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Rodman says he's going to North Korea for fun, not to talk politics

Former NBA basketball player Dennis Rodman speaks at a news conference in New York September 9, 2013. REUTERS/Eric Thayer
Former NBA basketball player Dennis Rodman speaks at a news conference in New York September 9, 2013. REUTERS/Eric Thayer

By Maxim Duncan

BEIJING (Reuters) - Retired U.S. basketball star Dennis Rodman said on Thursday he was not going to North Korea to talk about politics or human rights, despite political tension surrounding the execution of leader Kim Jong Un's uncle.

Rodman has visited Pyongyang twice before, spending time dining as a guest of Kim, with whom he says he has a genuine friendship.

His latest visit follows the rare public purge of Kim's powerful uncle Jang Song Thaek, who was executed last week.

South Korean President Park Geun-hye has described recent events as a "reign of terror". The purging of Jang, considered the second most powerful man in the North, indicated factionalism within the secretive Pyongyang government.

"It has nothing to do with me. I mean, whatever his uncle has done, and whoever's done anything in North Korea, I have no control over that. I mean, these things have been going on for years and years and years," Rodman told Reuters at his hotel in Beijing on Thursday before he left for the airport.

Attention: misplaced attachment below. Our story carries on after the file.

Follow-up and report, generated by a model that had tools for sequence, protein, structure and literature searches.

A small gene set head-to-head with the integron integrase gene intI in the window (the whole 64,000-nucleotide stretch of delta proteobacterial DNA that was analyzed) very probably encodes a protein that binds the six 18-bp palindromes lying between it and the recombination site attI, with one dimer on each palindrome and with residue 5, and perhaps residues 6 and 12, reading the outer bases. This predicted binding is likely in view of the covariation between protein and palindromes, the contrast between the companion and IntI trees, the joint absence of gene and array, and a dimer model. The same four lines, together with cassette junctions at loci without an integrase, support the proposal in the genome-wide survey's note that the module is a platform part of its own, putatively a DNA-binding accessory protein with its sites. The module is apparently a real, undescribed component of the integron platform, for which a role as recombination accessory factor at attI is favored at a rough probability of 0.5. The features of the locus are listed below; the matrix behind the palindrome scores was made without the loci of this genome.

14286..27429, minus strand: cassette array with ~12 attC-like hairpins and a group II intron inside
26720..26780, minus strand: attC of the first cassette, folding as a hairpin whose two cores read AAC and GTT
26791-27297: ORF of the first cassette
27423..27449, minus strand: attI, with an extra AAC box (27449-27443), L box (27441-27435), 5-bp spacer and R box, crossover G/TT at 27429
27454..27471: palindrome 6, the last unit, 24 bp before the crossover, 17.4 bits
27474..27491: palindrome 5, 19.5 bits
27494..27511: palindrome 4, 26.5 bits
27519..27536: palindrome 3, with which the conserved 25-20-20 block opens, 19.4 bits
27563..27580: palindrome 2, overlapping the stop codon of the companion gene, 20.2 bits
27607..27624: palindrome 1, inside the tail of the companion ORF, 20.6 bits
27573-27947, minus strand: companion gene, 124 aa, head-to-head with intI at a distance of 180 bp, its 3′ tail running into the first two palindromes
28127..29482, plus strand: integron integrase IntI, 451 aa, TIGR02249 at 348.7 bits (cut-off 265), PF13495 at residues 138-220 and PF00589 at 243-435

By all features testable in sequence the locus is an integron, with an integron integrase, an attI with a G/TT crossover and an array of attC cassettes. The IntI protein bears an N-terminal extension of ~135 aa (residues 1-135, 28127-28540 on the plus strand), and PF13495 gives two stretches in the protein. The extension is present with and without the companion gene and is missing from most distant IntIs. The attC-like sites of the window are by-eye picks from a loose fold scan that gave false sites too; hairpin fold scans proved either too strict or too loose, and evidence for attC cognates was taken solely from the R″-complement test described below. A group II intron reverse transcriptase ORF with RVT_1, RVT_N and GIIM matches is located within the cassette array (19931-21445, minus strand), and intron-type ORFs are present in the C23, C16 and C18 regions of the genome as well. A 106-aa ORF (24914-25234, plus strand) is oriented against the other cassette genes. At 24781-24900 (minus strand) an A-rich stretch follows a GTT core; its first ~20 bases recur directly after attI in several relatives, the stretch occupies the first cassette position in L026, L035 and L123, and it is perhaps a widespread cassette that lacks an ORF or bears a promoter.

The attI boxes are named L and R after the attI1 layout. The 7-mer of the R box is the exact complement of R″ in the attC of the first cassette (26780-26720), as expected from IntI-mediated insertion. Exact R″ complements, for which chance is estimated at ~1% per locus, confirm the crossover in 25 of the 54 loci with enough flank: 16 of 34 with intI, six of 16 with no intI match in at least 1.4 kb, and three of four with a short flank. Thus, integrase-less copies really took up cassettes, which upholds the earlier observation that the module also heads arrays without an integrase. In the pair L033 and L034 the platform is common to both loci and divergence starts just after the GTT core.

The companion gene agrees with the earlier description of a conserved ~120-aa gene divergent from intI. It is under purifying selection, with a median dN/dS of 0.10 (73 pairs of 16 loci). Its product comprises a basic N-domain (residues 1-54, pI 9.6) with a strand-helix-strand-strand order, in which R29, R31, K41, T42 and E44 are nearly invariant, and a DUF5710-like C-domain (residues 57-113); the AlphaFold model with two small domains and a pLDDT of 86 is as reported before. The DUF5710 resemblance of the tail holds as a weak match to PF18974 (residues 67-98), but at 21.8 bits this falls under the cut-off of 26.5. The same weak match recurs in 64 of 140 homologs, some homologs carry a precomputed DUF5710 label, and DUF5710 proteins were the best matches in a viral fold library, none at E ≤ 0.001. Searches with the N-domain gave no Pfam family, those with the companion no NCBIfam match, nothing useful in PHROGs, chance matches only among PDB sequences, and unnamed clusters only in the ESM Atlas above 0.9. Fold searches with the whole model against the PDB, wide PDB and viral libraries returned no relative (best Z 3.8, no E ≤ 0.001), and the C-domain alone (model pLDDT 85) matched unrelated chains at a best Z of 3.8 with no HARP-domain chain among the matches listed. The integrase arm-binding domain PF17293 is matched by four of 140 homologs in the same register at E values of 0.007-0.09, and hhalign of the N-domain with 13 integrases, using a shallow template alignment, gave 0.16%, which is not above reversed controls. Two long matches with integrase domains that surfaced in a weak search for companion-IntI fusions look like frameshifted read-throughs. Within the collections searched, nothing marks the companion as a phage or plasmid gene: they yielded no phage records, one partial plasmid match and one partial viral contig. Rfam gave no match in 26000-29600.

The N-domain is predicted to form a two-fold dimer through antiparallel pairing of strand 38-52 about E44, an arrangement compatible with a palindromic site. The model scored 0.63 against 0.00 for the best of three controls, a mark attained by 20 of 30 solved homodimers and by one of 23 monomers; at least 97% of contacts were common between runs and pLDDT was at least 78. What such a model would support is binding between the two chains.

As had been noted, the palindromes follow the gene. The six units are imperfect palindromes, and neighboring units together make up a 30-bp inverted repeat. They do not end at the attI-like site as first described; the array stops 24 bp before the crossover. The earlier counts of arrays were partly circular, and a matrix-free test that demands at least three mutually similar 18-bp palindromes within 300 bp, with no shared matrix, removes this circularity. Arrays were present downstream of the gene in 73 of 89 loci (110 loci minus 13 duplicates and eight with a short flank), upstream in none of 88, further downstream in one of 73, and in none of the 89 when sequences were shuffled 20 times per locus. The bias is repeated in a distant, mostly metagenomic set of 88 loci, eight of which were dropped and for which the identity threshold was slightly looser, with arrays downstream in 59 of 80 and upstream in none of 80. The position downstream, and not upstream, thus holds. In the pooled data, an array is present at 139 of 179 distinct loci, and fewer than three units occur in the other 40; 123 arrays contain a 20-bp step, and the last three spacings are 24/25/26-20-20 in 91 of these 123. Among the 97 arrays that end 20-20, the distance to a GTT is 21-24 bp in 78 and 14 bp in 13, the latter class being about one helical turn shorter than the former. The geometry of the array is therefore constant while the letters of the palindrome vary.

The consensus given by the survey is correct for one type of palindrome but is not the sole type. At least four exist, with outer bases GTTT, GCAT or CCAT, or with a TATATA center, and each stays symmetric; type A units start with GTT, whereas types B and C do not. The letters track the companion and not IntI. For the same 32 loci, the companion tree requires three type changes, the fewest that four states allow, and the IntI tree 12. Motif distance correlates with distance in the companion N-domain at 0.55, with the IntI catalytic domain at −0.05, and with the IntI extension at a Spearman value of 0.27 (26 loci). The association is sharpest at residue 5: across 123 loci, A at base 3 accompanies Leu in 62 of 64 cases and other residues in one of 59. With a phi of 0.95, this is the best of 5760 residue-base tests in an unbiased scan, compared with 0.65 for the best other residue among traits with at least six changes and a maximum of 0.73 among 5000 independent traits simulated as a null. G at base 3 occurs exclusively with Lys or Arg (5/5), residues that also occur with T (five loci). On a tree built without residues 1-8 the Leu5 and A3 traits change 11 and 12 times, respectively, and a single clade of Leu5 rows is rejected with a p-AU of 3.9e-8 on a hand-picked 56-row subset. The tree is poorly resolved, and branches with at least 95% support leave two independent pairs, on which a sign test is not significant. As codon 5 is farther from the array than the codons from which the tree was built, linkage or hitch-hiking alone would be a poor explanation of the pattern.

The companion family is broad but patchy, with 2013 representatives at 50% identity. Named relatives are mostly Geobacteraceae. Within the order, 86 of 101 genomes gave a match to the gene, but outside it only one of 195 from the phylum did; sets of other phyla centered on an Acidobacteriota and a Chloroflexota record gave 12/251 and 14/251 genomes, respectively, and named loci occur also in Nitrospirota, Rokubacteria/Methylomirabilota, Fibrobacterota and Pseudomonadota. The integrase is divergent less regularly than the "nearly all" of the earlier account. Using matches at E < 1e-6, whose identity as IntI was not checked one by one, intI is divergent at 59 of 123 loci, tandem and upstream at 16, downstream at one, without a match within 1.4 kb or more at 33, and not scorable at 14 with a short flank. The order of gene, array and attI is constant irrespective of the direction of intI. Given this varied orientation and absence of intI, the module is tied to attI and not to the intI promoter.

"I'm just going over there to do a basketball game and have some fun," he said.

The U.S. State Department has sought to distance the U.S. government from Rodman's visit.

Ahead of the trip, Seoul-based North Korean human rights activist Shin Dong-hyuk said in an open letter in the Washington Post that Rodman should talk to Kim about human rights abuses in North Korea.

Rodman said it was not his place to talk about such issues.

"People have been saying these things here and there. It doesn't really matter to me. I'm not a politician. I'm not an ambassador," he said.

"I'm just going over there to try and do something really cool for a lot of people, play some games and try to get the Korean kids to play," he said.

"Everything else I have nothing to do with. If it happens that he wants to talk about it then great. If it doesn't happen I just can't bring it up because I don't (want) him to think that I'm over here trying to be an ambassador and trying to use him as being his friend and all of a sudden I'm talking about politics. That's not going to be that way," Rodman said.

Rodman is expected to provide North Korea's national basketball team with four days of training during the trip.

He also intends to return to Pyongyang in January with a team of fellow former National Basketball Association stars to hold basketball games on Kim's birthday.

Rodman's trip was arranged by Irish bookmakers Paddy Power, which has a history of controversial advertising campaigns.

(Writing by Ben Blanchard; Editing by Paul Tait)

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